When asked any question concerning the creative or intellectual
processes that produce the brilliant hilarity of the
flash-animation website Homestarrunner.com, Mike Chapman answers
pretty much the same way: “I don’t know … not tons of
thought was given to it; we just thought it would be funny at the
time.” This spontaneous, carefree attitude explains the
random and whimsical nature of this site. Brothers Mike and Matt
Chapman (ages 30 and 27, respectively) have created the
“Seinfeld” of flash-animation — a cartoon in
which the characters (led by Homestar Runner, a no-armed,
beanie-wearing, endearingly-dumb “whitey” with a severe
speech impediment) write e-mails, make prank phone calls and loiter
by concession stands — a cartoon about, essentially,

Janna Hutz

The most outrageous “Seinfeld” episode takes a
backseat to the animated wackiness, whose humor fits in somewhere
between sophisticated sarcasm and childish idiocy. Characters
morphing into their anime alter-egos, dragons burning villages,
poopsmiths, broken cow lamps and cinnamon facial hair are only a
few of the more off-the-wall scenarios. Sure, there are plenty of
quotable TV shows and cartoons, but Homestarrunner.com is unique
not only because it is so contagiously quotable, but because all
the quotes sound so stupid when you look at them from an outside
perspective. And you’ll relish in the confused looks others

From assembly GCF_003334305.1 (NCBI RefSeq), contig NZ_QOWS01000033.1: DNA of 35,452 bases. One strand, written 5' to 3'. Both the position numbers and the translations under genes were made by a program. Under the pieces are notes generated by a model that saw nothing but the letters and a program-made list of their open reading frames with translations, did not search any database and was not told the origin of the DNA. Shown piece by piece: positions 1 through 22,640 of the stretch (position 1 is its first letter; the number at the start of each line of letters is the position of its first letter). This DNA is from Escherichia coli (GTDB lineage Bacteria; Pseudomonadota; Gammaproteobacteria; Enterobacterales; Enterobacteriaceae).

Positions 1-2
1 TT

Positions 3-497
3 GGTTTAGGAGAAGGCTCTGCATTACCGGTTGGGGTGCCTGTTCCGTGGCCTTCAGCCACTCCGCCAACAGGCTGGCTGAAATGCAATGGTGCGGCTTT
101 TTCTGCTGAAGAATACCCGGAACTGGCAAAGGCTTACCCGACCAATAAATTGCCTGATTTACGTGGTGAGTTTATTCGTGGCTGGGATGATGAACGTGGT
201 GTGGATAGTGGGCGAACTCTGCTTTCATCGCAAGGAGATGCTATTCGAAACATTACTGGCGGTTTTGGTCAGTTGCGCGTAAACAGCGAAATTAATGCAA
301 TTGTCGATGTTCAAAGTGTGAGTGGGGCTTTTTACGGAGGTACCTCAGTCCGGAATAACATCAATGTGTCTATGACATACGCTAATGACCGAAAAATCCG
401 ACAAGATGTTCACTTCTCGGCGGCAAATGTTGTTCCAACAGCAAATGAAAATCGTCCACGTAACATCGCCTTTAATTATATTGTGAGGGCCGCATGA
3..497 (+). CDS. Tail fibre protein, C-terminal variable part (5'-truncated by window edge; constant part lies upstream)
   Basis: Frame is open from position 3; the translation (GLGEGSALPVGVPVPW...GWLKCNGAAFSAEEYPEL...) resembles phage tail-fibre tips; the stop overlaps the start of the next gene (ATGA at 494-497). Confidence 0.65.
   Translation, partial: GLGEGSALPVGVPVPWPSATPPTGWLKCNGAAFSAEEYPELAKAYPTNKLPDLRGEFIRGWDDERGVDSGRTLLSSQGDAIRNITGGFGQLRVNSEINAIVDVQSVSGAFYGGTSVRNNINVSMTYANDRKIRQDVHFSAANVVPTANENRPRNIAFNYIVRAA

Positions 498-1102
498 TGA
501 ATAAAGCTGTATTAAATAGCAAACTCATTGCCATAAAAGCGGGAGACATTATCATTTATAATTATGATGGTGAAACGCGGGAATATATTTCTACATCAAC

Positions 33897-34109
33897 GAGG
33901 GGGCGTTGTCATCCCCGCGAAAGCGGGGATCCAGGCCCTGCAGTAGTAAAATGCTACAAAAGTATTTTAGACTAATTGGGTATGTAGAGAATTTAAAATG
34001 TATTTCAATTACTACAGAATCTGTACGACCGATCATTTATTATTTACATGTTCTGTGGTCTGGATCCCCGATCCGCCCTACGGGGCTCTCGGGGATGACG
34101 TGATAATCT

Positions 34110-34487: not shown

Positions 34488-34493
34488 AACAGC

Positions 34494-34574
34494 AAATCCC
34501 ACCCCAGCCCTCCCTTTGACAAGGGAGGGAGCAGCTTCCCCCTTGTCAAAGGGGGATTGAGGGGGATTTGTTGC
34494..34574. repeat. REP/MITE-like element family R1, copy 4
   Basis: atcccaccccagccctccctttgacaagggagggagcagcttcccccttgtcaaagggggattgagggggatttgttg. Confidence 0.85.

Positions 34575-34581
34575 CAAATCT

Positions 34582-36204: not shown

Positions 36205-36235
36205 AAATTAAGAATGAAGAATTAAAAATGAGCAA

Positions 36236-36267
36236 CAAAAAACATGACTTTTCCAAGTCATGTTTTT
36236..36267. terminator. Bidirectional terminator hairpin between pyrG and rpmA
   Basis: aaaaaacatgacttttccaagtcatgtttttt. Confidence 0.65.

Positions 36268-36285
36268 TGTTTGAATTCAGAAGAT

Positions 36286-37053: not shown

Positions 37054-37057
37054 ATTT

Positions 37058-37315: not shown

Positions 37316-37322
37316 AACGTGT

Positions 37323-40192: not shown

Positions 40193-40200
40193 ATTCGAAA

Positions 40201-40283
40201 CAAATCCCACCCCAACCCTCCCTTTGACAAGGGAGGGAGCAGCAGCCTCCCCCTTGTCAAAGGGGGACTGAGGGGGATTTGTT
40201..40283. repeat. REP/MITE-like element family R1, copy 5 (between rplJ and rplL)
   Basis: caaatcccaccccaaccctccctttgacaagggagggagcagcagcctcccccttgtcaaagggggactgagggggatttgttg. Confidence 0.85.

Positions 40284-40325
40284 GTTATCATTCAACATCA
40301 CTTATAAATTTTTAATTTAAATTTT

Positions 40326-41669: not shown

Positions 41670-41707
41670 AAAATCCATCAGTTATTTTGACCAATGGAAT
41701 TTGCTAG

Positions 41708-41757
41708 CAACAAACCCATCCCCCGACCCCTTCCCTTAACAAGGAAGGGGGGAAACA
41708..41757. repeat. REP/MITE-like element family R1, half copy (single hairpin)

who are not “in the know” will give you.

The funny and unpredictable cartoon can only take place in a
world where the characters “aren’t really people and
aren’t really animals and some make little squeaky sounds
instead of talking,” as Mike describes. “We liked the
Batman TV show from the ’60s … we got a lot of
inspiration from that. And videogames … the ‘Peanuts’
… ‘The Muppets’”— which explains why the
site’s so appealing to both the pop and the geek culture

Homestarrunner has grown from a children’s book copied at
Kinko’s and distributed among friends to an underground
phenomenon. “Homestarrunner’s our full-time job
now,” Mike explains cheerily. “Fortunately, we make
enough money from T-shirt sales that we don’t have to do
anything else.”

Another indicator of the site’s popularity is the weekly
Strong Bad e-mail. Strong Bad, the “bully” of the bunch
who wears a Mexican wrestling mask and boxing gloves, gets around
5,000 e-mails a day. “Obviously we can’t read all those
e-mails. We randomly go through, locate 500 or so and set aside the
ones we think have potential. And as the week gets closer to the
weekend, we narrow it down to one or two. We make (the cartoon) on
Sunday, usually,” Mike remarks, the night before the e-mail
goes up for the thousands of expectant fans.

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